The following communities or parts of the community have been incorporated into the town of Singen (Hohentwiel):

  • 1967: Bruderhof , until then an exclave of the city of Tuttlingen
  • January 1, 1969: Hohentwiel (until then the exclave of the city of Tuttlingen)
  • January 1, 1971: Überlingen am Ried
  • December 1, 1971: Friedingen, Hausen an der Aach, Schlatt under crows
  • April 1, 1972: Beuren an der Aach
  • January 1, 1975: Bohlingen

Population development

Population figures according to the respective area. The numbers are census results (¹) or official updates from the Baden-Württemberg State Statistical Office (only main residences ).

Population development of Singen (Hohentwiel) .svg Population development of Singen (Hohentwiel) - from 1871
Population development of Singen (Hohentwiel). Above from 1775 to 2016. Below a section from 1871
year Residents
1775 747
1810 843
1825 976
1852 1,452
1861 1,532
December 1, 1871 ¹ 1,674
December 1, 1880¹ 1,973
December 1, 1900 ¹ 3,909
December 1, 1910¹ 8,359
June 16, 1925 ¹ 11,470
June 16, 1933 ¹ 15,536
May 17, 1939 ¹ 18.096
year Residents
September 13, 1950 ¹ 21,766
June 6, 1961 ¹ 33,267
May 27, 1970 ¹ 41,256
December 31, 1975 45,566
December 31, 1980 43,529
May 25, 1987 ¹ 42,403
December 31, 1990 43,689
December 31, 1995 44,338
December 31, 2000 44,733
December 31, 2005 45,366
December 31, 2010 45,826
December 31, 2015 47,287
December 31, 2016 47,981
December 31, 2017 47,716


Singing initially belonged to the diocese of Constance . A parish was mentioned as early as 1275. In 1350 the patronage of St. Peter (later St. Peter and Paul ) appears, which was near Reichenau monastery. Several branches belonged to him. Even after the Reformation, Singen remained predominantly Catholic.

Sacred Heart Church

Today's main church of the city of St. Peter and Paul was built in 1778/81 using older components. The parish of Singen came to the newly founded Archdiocese of Freiburg in 1821/27 . Due to a strong increase in the population, further parishes were separated from the parish of St. Peter and Paul and new Catholic churches were built. The Herz-Jesu-Kirche (parish from 1934) was built from 1908 to 1911 , St. Josefskirche (parish from 1945) in 1927/28, Maria Königin Church in 1954 (Liebfrauen parish from 1974) and in 1962 St. Elisabeth's Parish from 1973). All of the parishes mentioned today form the Singen pastoral care unit within the Deanery of Hegau . The cemetery chapel of Our Lady of Sorrows was built in 1898.

There are also Catholic parishes in the Singen districts that have a long tradition. A parish was mentioned in Bohlingen as early as 1155. The current parish church of St. Pankratius was built in the 15th century and expanded in 1978/80. In the cemetery there is a St. Martin chapel from the 16th century. A branch of the parish Bohlingen has been mentioned in Überlingen since 1360. It has had its own parish there since 1798. Today's Church of the Holy Cross was built in 1862 in neo-Gothic style. Both parishes, together with three neighboring communities, belong to the Aachtal pastoral care unit.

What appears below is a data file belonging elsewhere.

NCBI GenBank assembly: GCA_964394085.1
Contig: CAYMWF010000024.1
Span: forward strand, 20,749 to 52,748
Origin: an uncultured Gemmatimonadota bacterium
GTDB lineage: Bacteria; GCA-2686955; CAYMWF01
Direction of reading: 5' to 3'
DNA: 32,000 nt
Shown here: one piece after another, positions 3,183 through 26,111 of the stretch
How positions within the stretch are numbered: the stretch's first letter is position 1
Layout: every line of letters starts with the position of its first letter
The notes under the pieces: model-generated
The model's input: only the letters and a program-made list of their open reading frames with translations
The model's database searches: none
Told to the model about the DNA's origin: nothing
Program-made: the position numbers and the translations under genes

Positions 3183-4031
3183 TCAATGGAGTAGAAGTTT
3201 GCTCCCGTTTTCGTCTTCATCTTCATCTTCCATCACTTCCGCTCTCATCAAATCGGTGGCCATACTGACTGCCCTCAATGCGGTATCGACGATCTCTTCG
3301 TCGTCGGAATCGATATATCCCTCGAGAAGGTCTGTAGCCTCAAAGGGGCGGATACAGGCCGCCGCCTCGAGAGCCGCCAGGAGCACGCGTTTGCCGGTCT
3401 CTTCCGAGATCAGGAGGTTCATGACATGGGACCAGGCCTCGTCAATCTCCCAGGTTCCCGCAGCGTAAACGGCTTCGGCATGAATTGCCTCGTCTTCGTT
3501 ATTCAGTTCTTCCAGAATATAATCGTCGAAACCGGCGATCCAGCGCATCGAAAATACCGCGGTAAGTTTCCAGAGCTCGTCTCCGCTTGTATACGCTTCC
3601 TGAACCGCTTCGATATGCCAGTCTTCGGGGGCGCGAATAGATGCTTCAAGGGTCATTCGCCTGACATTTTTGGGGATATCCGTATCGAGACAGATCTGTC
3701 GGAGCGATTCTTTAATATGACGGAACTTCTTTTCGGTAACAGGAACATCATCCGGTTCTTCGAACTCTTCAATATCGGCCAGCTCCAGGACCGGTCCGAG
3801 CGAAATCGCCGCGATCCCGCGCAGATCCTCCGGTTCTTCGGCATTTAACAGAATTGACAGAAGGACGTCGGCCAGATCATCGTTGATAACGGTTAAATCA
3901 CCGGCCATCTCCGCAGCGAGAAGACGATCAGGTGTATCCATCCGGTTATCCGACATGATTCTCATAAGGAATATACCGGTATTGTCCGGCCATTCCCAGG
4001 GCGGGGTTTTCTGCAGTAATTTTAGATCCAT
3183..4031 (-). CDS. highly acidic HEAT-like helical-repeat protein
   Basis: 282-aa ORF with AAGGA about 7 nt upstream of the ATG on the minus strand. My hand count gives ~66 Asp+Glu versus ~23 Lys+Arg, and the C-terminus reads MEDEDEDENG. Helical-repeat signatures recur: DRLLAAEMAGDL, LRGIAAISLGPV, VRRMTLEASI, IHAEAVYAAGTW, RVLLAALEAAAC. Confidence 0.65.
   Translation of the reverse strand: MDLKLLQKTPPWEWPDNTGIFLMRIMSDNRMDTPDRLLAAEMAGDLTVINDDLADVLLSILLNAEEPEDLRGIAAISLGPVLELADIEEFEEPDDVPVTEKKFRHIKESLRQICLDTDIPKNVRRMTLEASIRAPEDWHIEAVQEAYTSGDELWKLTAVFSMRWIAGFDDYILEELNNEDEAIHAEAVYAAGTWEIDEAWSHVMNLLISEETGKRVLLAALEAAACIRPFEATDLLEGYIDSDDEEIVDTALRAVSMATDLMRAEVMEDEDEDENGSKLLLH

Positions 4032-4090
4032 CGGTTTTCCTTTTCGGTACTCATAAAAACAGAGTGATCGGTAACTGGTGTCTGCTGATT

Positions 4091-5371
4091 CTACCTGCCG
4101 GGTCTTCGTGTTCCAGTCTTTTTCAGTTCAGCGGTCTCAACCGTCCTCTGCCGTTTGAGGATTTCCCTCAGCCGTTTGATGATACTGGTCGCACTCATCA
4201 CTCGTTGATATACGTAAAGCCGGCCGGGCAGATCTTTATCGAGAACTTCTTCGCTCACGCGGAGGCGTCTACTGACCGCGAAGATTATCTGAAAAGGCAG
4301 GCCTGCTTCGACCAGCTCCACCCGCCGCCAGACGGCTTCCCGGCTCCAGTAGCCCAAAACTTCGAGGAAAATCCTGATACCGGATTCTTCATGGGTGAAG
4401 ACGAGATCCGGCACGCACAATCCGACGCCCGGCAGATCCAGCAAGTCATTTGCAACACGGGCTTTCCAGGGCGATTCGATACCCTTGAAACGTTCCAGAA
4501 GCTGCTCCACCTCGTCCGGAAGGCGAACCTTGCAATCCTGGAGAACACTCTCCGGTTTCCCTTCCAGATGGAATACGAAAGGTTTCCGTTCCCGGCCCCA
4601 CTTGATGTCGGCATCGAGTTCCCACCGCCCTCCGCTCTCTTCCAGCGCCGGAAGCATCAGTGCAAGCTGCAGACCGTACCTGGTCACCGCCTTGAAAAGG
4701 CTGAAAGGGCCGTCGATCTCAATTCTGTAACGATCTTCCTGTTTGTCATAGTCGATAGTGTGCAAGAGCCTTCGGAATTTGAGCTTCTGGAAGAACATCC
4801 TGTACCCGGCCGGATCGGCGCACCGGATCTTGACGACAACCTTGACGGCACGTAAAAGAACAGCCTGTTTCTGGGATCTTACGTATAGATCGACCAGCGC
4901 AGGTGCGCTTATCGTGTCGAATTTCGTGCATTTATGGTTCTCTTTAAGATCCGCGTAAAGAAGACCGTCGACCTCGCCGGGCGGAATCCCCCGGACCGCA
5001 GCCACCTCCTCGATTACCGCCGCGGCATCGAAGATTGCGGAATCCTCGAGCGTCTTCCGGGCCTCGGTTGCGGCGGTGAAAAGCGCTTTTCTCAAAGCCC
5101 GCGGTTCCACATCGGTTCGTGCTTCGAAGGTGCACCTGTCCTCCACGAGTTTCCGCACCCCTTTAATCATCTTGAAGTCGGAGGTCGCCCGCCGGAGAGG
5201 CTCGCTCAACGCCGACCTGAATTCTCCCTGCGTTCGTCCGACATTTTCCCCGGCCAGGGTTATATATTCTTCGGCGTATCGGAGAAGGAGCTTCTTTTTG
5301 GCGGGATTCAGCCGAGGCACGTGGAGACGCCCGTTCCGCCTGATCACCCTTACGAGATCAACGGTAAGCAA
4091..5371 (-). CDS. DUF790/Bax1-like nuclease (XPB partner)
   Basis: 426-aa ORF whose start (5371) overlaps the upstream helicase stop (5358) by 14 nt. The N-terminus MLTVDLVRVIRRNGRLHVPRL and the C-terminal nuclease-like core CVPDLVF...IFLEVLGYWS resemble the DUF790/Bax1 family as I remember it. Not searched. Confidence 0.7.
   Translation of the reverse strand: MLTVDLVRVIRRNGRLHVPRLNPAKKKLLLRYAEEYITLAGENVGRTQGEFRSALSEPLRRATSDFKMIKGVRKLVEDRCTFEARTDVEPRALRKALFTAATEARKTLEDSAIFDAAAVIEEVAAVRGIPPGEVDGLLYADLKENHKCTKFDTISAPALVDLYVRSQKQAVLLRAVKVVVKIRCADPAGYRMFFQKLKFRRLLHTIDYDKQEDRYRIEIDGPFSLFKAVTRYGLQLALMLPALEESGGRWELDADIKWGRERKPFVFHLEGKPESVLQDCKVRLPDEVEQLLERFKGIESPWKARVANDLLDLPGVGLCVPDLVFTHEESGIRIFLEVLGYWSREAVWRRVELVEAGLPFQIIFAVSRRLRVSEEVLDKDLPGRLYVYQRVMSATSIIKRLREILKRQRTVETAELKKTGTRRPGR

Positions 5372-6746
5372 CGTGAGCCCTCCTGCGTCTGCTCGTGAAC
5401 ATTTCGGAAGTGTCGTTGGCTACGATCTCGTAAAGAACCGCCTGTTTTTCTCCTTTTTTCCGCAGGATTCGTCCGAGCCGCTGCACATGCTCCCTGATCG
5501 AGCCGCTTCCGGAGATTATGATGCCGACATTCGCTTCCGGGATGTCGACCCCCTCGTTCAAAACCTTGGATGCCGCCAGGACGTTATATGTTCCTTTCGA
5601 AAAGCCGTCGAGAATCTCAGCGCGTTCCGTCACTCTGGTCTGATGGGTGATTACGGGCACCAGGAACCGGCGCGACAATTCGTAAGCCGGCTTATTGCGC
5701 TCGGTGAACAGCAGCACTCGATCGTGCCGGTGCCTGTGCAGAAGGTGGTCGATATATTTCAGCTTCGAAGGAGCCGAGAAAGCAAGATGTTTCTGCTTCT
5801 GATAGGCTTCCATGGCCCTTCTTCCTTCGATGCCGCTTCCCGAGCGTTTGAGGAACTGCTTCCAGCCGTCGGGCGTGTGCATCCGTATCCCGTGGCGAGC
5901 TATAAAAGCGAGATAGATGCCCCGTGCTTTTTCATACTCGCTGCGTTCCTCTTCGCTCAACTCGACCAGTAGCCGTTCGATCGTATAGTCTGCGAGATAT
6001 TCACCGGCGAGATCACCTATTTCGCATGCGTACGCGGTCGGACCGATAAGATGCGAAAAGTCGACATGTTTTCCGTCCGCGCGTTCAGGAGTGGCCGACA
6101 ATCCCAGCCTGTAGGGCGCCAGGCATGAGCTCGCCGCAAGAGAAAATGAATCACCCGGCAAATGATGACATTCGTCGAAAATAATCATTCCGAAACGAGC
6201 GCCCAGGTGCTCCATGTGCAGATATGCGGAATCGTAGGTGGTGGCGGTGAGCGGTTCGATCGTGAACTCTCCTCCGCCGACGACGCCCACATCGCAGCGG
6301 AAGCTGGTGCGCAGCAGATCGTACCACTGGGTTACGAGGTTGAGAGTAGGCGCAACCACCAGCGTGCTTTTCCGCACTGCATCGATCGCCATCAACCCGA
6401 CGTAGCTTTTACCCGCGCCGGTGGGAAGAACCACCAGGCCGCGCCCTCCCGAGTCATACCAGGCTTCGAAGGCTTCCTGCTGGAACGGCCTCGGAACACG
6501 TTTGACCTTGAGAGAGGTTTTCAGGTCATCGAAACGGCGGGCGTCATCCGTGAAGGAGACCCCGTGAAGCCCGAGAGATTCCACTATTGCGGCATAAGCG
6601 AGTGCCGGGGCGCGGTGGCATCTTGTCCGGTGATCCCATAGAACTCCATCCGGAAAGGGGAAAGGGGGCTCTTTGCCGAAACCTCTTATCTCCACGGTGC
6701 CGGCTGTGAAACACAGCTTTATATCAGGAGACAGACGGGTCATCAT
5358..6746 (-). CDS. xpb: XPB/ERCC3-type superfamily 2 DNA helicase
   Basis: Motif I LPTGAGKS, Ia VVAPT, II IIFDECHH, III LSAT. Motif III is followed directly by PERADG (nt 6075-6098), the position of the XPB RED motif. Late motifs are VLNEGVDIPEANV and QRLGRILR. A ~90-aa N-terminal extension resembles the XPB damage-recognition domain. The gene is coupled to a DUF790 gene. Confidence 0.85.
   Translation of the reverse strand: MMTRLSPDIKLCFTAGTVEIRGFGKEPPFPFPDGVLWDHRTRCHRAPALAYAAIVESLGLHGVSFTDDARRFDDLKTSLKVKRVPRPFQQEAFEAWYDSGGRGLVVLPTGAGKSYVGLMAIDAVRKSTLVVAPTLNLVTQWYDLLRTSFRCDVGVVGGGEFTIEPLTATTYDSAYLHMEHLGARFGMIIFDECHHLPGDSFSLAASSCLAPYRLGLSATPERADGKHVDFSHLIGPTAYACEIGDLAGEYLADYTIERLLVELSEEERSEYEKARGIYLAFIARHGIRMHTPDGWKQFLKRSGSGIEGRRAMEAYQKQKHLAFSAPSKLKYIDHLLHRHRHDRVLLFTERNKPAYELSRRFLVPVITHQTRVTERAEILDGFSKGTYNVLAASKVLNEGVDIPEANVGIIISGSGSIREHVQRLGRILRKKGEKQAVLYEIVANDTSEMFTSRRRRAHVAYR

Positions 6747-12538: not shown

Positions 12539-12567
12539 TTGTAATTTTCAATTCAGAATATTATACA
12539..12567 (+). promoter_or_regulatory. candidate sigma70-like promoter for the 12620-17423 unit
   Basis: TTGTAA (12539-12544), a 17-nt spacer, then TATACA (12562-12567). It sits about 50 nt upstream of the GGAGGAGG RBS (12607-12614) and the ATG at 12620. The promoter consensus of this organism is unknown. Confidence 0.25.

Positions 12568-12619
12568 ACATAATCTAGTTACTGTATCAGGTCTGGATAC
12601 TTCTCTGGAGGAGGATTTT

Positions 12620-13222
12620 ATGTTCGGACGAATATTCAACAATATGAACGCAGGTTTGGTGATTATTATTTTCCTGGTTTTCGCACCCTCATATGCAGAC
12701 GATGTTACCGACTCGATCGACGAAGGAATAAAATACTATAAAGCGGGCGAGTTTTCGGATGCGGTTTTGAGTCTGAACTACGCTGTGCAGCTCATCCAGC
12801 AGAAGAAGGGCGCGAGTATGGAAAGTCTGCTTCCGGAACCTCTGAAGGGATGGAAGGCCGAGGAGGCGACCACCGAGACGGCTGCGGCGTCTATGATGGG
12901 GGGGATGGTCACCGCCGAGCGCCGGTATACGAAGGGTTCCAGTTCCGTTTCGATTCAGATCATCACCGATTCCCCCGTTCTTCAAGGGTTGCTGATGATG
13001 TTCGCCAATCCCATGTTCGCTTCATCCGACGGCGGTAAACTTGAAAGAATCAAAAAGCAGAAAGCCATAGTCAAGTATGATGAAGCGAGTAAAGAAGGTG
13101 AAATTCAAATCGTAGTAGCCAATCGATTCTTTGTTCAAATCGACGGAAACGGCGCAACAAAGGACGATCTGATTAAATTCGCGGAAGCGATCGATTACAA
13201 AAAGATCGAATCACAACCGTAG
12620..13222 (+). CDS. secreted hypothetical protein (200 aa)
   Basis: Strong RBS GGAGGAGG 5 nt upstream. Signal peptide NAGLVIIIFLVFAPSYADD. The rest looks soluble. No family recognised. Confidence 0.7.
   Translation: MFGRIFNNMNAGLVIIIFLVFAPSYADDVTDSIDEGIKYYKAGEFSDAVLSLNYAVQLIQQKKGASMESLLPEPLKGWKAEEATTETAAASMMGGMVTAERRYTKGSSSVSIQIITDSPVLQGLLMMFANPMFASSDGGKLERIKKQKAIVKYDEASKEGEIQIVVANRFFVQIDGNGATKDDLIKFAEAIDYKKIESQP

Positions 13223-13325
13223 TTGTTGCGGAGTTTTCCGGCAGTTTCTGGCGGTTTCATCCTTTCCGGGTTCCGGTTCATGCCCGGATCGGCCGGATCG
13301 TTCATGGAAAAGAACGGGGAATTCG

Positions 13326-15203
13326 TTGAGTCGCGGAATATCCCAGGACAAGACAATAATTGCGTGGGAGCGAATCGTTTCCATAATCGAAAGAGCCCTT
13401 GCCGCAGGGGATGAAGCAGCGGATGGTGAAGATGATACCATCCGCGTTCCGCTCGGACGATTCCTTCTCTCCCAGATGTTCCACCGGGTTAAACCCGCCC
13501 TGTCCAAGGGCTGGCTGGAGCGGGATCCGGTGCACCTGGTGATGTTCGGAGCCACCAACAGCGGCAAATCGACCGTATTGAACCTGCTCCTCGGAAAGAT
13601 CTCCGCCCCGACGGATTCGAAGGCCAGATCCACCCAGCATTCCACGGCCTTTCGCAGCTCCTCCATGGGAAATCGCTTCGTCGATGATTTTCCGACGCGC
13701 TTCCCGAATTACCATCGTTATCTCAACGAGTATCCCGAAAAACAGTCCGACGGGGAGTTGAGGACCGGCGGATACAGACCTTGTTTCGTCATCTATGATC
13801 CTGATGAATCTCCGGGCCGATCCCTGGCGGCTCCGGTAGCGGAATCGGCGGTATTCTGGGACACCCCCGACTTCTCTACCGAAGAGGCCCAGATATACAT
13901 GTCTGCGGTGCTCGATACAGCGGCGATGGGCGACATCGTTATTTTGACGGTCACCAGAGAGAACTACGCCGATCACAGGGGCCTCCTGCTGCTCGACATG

In 1204 Beuren is mentioned as a church and in 1275 as a parish. Today's St. Bartholomew Church was built from 1839 to 1841. A church was mentioned in Friedingen in 1194 and a parish of St. Leodegar in 1275. The parish church of St. Leodegar , the oldest sacred building in Singen, was built in the 13th century as a choir tower church, whose late Gothic tower substructure, the choir tower , still stands today. The associated nave was replaced by a new building in 1728, which was expanded in 1963 and completed with a roof turret. Hausen an der Aach was a branch of Singen since the 14th century. A curate was established in 1794 and its own parish in 1820. The parish church of St. Agatha and Katharina was built in 1826/27. The Catholics in Schlatt belonged to the parish of St. Peter and Paul Mühlhausen until 1977, and since then Schlatt has formed its own parish. The current cemetery chapel of St. John the Baptist and Rochus was built in 1746, the current parish church of St. John the Baptist was consecrated in 1984. Today, the four parishes, together with the neighboring parishes of Volkertshausen and Steißlingen, form the pastoral care unit of Mittlerer Hegau.

Although the places in today's Singen city area remained predominantly Catholic until the 19th century, there have been Protestant services on the Hohentwiel since the Reformation. After the destruction of the church on the Hohentwiel, the services were held in the domain courtyard. A Protestant church was built in Singen in 1863. The parish of Singen was established in 1894. In 1913, today's Luther Church was built. The St. Mark's Parish was separated from the Luther parish in 1967 after the St. Mark's Church had already been built in 1959. Other Protestant communities are the Paulusgemeinde and the Dietrich-Bonhoeffer-Gemeinde. All four parishes in the city ​​of Singen belong to the Deanery of Constance of the Evangelical Church in Baden . Protestants from the districts of Beuren an der Aach, Friedingen and Hausen an der Aach also belong to the communities. The Protestants in the districts of Bohlingen, Schlatt unter Krähen and Überlingen am Ried are looked after by the neighboring communities of Böhringen and Aach-Volkertshausen.

The first Protestant church was given to the old Catholic community in 1918 . As St. Thomas Church , it is the parish church for the Old Catholics of Singen.